1. Palestinian president's plane taxiing on tarmac
2. King Abdullah of Saudi Arabia and other officials walking up red carpet
3. Palestinian President Mahmoud Abbas and Palestinian Prime minister Ismail Haniyeh disembarking from plane
4. King Abdullah greeting Abbas
5. Iraqi President Jalal Talabani descending steps from plane
6. King Abdullah greeting Talabani
7. Sudanese president's plane taxiing on tarmac
8. King Abdullah walking along red carpet
9. Sudanese President Omar Al-Bashir descending steps from plane
10. King Abdullah greeting Al-Bashir
11. Close-up of Saudi and Bahrain flags on plane
12. King Abdullah greeting King of Bahrain, Hamad Bin Isa
13. Wide top shot of convoy leaving
14. Wide of Palestinian foreign minister Ziad Abu Amr talking to journalists
15. SOUNDBITE (English),Ziad Abu Amr, Palestinian foreign minister
"The Arab peace initiative enjoys consensus and now it has drawn the attention of the international community, even the Israelis are talking about the positive aspects of the Arab peace initiative. I think if the relevant parties are serious about peace making, here we have a plan, a good plan which can achieve peace security and stability in the region for all."
Arab leaders started arriving in the Saudi capital of Riyadh on Tuesday ahead of an Arab League summit that will focus on a revived Arab peace initiative.
The summit is expected to reissue a 2002 offer to Israel to normalise relations if it returns to its pre-1967 borders and allows the return of Palestinian refugees.
The offer, initiated in 2002 by Saudi Arabia's King Abdullah, offers Israel recognition and permanent peace with all Arab countries in return for full Israeli withdrawal from lands captured in the 1967 Middle East war.
It also calls for setting up a Palestinian state with east Jerusalem as its capital and allowing Palestinian refugees to return to former homes in Israel.
It is thought Israel is pressing for a dilution of the return of all occupied lands, particularly as no Israeli government has ever countenanced the return of East Jerusalem as the capital of a future Palestinian state, nor is any Israeli government likely to agree to a return of all of the West Bank with substantial Jewish settler populations spread across the occupied territory.
By the same token, no Palestinian or Arab government will agree to giving up Jerusalem.
Another thorny issue is the "right of return" for Palestinian refugees who were expelled or forced to flee in 1948 after the creation of the state of Israel and the 1967 six day war.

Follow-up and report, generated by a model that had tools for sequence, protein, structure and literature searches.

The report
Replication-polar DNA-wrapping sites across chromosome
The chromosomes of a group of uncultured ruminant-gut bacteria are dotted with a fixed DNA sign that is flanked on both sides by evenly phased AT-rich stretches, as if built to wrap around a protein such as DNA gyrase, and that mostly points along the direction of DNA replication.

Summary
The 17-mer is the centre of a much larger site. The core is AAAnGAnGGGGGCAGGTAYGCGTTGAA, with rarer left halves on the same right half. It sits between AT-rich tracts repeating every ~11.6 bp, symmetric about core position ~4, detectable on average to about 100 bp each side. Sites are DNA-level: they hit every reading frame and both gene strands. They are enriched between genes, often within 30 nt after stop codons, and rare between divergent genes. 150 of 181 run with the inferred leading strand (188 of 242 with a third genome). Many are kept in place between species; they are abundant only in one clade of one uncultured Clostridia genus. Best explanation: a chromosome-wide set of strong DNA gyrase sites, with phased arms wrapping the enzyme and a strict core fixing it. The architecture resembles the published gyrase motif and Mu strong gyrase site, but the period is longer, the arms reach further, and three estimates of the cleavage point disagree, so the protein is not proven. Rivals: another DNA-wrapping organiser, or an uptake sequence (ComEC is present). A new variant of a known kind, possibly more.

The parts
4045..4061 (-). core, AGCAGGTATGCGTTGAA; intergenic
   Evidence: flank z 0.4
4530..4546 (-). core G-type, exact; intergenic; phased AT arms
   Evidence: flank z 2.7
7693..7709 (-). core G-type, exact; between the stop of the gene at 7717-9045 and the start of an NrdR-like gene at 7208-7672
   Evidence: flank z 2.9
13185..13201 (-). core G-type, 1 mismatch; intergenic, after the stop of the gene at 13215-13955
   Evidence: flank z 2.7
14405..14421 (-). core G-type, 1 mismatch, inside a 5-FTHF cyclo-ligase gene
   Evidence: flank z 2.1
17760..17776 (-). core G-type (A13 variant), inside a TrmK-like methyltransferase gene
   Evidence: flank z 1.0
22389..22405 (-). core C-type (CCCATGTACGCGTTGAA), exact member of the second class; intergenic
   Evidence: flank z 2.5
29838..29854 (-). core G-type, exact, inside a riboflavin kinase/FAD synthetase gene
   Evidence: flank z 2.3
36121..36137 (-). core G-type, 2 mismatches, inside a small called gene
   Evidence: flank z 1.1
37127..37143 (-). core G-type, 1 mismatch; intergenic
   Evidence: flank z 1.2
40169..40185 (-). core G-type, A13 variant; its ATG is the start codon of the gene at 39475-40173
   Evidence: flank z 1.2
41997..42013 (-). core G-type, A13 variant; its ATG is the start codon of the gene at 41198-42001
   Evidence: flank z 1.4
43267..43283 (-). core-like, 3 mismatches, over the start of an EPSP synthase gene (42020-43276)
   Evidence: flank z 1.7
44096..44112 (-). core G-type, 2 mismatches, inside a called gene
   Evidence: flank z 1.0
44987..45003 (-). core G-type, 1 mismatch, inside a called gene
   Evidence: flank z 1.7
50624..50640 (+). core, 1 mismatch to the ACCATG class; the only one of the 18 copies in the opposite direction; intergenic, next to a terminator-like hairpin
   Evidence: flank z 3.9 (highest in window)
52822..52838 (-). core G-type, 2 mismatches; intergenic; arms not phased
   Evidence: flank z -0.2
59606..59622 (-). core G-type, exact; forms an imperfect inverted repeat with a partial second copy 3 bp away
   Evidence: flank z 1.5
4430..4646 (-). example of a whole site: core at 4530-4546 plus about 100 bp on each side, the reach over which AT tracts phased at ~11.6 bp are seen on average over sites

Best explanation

The plan, which was originally rejected by Israel mainly because of the refugee issue, eventually foundered amid an escalation of violence between Palestinians and Israelis.
Palestinian foreign minister Ziad Abu Amr said Arab leaders had "a good plan" to achieve security and stability in the region.
"The Arab peace initiative enjoys consensus and now it has drawn the attention of the international community, even the Israelis are talking about the positive aspects of the Arab peace initiative. I think if the relevant parties are serious about peace making, here we have a plan, a good plan which can achieve peace, security and stability in the region for all," he said.
Arab diplomats said privately Monday that Arab leaders were seeking fresh ways to moderate their position without being seen as giving in to Israeli or American demands to
change the 2002 offer.
Arab countries including Egypt, Jordan and Saudi Arabia will proposing "a repackaging" of the deal, said the diplomats, speaking on condition of anonymity because of the sensitivity of the discussions.
Arabs across the political spectrum have long argued that the decades-old conflict is at the heart of the region's problems, the key to marginalising radical ideologies and developing democratic political systems.
In February, Saudi Arabia brokered a deal creating a Palestinian unity government and ending months of infighting.
It is also trying to mediate in Lebanon between opposition forces led by pro-Iranian Hezbollah and the Western-backed government.
The European Union will highlight its support for a renewed Arab peace overture to Israel by sending its foreign policy chief to the upcoming summit in Saudi Arabia, officials said.
The Quartet of negotiators for the Middle East - the United States, the European Union, Russia and the United Nations - has been seeking a way to re-establish contacts with the new Palestinian national unity government, which includes Hamas militants unwilling to commit themselves to the Quartet's demands that it renounce violence, recognise Israel's right to
exist and adhere to previous international agreements.